The goal is to capture an impression of the model (or landscape or still life), and learn something in the process. Brief time limits require an intuitive approach, with no opportunity to go back and rework. The results are loose and fresh. If you're a beginner or want to break out of a rut, gestures will accelerate your progress. They are great training for brushwork, paint mixing, and color harmonies. Decent drawing skills are helpful.
Methods and Materials:
- If you try this in your own studio, paint for 20 minutes, take a 5 minute break to assess, then continue for 20 more minutes. Pick a focus like color, value, temperature, or brushwork.
- To make cheap canvas board for gesture painting, take a larger purchased canvas board and cut it to size with a razor. Score 3 times on each side, then gently break at the cut line. Some students paint on small pieces of canvas taped to board. Easy to store, if you want to keep your work.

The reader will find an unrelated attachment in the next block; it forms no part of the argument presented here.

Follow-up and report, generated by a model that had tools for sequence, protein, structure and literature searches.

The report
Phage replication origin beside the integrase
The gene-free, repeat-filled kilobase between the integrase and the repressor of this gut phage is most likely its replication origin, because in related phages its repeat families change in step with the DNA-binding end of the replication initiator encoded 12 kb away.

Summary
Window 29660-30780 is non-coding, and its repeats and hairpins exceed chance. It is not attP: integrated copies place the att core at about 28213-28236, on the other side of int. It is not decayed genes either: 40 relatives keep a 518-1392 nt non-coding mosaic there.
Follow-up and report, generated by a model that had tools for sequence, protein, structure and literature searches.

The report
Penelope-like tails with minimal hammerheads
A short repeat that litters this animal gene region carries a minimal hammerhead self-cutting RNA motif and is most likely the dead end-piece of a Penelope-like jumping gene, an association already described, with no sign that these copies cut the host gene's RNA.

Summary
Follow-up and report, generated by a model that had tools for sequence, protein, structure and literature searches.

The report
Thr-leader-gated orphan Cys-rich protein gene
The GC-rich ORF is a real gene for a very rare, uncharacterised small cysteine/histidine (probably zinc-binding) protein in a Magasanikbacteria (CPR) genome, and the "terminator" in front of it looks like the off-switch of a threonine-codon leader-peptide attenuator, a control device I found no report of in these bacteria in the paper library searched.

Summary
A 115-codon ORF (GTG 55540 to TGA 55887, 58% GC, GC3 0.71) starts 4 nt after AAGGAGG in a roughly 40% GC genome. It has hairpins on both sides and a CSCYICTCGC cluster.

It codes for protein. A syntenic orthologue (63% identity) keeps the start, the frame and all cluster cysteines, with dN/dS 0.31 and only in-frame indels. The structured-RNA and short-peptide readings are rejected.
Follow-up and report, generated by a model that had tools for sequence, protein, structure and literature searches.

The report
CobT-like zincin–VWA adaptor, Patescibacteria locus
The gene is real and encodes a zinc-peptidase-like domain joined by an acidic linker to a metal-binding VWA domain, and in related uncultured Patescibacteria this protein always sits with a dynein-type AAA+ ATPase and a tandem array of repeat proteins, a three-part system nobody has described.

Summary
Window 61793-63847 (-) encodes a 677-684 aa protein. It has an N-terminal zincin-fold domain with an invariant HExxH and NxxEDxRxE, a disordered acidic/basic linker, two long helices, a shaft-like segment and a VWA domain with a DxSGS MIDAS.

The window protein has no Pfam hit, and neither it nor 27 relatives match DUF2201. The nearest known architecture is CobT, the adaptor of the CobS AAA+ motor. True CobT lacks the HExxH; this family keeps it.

|Sabrina with cool light|
|Sabrina, with Jeff's improvements|
|Male model with strong side light|
|Male model, with Jeff's improvements|
|Zara with strong side light|
|Zara, with Jeff's improvements|
Jeff recorded an instructional dvd on gesture portrait painting through Liliedahl Video. I have this dvd and recommend it. It would be a good substitute, if you don't have access to a live gesture class. Watch the YouTube preview at the link above, to learn more.